Collectability is reviewed at the end of the reporting period with reference to the status of recovery action by CDPP and AFP. Impairment allowances are made when collectability of the debt is judged to be less, rather than more, likely based on availability of assets for realisation and application to the debt, as then confirmed with the CDPP or AFP respectively. A bad debt is recognised when no further recovery action will be undertaken by CDPP or AFP and they inform AFSA that they are closing their files.

Forfeiture Orders

Forfeiture Order receivables are based on an assessment of the cash balances held in the forfeited bank account at financial year end (see Note 8.1) where amounts are identified as considered likely to be paid to the Confiscated Assets Account.

5. Funding

This section identifies the Australian Financial Security Authority funding structure.

5.1 Appropriations

Note 5.1A: Annual Appropriations (‘Recoverable GST Exclusive’)

Annual Appropriations for 2018

Notes:

  1. In 2017-18, $169,000 funding relating to the 2017-18 Appropriation Act 1 has been withheld under Section 51 direction. In accordance with Section 51 direction, $35,382,688 has been withheld.
  2. In 2017-18, there were no appropriations that have been quarantined.
  3. Departmental Capital Budgets are appropriated through Appropriation Acts (No. 1, 3, 5). They form part of ordinary annual services, and are not separately identified in the Appropriation Acts. The agency did not have any administered capital budgets.

Annual Appropriations for 2017

Notes:

  1. In 2016-17, $7,131 funding relating to the 2016-17 Appropriation Act 1 has been withheld under Section 51 direction. In accordance with Section 51 direction, $2,421,000 has been withheld.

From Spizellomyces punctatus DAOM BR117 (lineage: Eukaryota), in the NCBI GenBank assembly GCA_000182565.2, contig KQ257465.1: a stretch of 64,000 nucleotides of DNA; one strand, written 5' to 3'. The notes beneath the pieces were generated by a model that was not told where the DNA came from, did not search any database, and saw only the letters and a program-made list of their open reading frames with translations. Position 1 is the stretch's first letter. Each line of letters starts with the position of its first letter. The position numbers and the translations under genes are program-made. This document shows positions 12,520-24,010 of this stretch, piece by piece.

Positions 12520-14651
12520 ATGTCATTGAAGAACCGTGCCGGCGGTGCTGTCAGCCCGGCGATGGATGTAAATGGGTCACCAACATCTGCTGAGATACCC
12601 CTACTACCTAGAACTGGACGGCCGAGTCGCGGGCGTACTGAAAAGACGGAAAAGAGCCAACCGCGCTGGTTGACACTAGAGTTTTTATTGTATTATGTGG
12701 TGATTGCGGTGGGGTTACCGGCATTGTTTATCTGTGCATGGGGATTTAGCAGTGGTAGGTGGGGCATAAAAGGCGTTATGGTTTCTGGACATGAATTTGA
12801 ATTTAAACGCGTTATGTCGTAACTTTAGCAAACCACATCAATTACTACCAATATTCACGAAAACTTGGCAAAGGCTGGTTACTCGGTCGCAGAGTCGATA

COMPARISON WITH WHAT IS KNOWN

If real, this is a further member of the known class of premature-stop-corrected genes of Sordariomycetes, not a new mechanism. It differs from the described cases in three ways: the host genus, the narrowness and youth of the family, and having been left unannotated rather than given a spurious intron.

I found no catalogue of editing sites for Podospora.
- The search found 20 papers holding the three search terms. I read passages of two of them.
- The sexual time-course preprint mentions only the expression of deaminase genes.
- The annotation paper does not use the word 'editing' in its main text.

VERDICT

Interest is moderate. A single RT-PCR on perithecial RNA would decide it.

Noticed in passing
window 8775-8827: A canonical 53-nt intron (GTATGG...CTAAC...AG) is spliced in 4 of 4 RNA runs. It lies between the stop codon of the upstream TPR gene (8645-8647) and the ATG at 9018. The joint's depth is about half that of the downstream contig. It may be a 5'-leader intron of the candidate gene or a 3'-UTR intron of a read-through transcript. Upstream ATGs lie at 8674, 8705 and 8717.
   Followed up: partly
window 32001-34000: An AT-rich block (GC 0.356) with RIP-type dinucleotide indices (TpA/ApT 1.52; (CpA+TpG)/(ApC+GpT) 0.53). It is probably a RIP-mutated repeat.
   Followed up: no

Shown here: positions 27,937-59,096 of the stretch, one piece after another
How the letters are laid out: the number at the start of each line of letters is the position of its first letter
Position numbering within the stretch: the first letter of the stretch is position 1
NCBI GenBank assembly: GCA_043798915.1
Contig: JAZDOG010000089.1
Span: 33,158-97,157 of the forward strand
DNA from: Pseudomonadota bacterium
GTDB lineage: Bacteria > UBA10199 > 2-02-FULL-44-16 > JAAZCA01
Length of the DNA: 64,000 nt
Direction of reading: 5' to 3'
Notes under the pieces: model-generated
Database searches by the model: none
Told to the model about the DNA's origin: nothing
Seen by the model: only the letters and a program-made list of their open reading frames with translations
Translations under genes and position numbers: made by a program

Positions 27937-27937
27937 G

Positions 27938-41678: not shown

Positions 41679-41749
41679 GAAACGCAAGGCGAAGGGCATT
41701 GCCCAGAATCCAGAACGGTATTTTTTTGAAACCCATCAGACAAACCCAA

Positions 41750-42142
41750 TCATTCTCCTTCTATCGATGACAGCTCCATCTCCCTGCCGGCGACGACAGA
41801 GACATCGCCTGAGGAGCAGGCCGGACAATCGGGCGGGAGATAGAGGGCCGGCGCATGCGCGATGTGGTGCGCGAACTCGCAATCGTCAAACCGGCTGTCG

2. In 2016-17, there were no appropriations that have been quarantined.
  3. Departmental Capital Budgets are appropriated through Appropriation Acts (No. 1, 3, 5). They form part of ordinary annual services, and are not separately identified in the Appropriation Acts. The agency did not have any administered capital budgets.

Note 5.1B: Unspent Departmental Annual Appropriations (‘Recoverable GST Exclusive’)

AFSA did not receive any administered annual appropriations (2017: Nil).

Note 5.1C: Special Appropriations (‘Recoverable GST Exclusive’)

5.2 Special Accounts

  1. Appropriation: Public Governance, Performance and Accountability Act 2013 section 80.

Establishing Instrument: Bankruptcy Act 1966, section 20G

Purpose: For handling interest derived from the investment of money in the Common Investment Fund in accordance with sections 20H and 20J of the Bankruptcy Act 1966.

  1. Appropriation: Public Governance, Performance and Accountability Act 2013 section 80.

Establishing Instrument: Proceeds of Crime Act 1987, section 34A

Purpose: To receive and deal with proceeds of confiscated assets in accordance with sections 34B -34E of the Proceeds of Crime Act 1987.

  1. Appropriation: Public Governance, Performance and Accountability Act 2013 section 80.

Establishing Instrument: Proceeds of Crime Act 2002, section 295

Purpose: The purpose of the account is to receive and deal with proceeds of confiscated assets in accordance with sections 296 – 298 of the Proceeds of Crime Act 2002.

  1. Appropriation: Public Governance, Performance and Accountability Act 2013 section 78.

Establishing Instrument: Financial Management and Accountability Act 1997, section 20, Financial Minister determination 2012/12.

Purpose: For the expenditure of moneys temporarily held on trust or otherwise for the benefit of a person other than the Commonwealth.

5.3 Regulatory Charging Summary

Regulatory Charging and Own Source Revenue

Departmental expenses are funded through Annual Appropriations and Own source revenue. In turn these resources are utilised to generate departmental and administered revenue.

The activities which AFSA performs regulatory charging for are:

Insolvency Activities

Fees and charges relate to the administration of the Bankruptcy Act 1966 including registry, estate administration, regulation and enforcement. It also includes charges for administration of matters under Proceeds of Crime legislation.

Documentation (the Cost Recovery Impact Statement for Insolvency activities) is available on the AFSA website.

Personal Property Security Register (PPSR) Activities

Fees and charges related to the operation of the PPSR relate to the registration of security interests, and searches of the register by stakeholders.

Documentation (the Cost Recovery Impact Statement for PPSR activities) is available on the PPSR website.

6. People and Relationships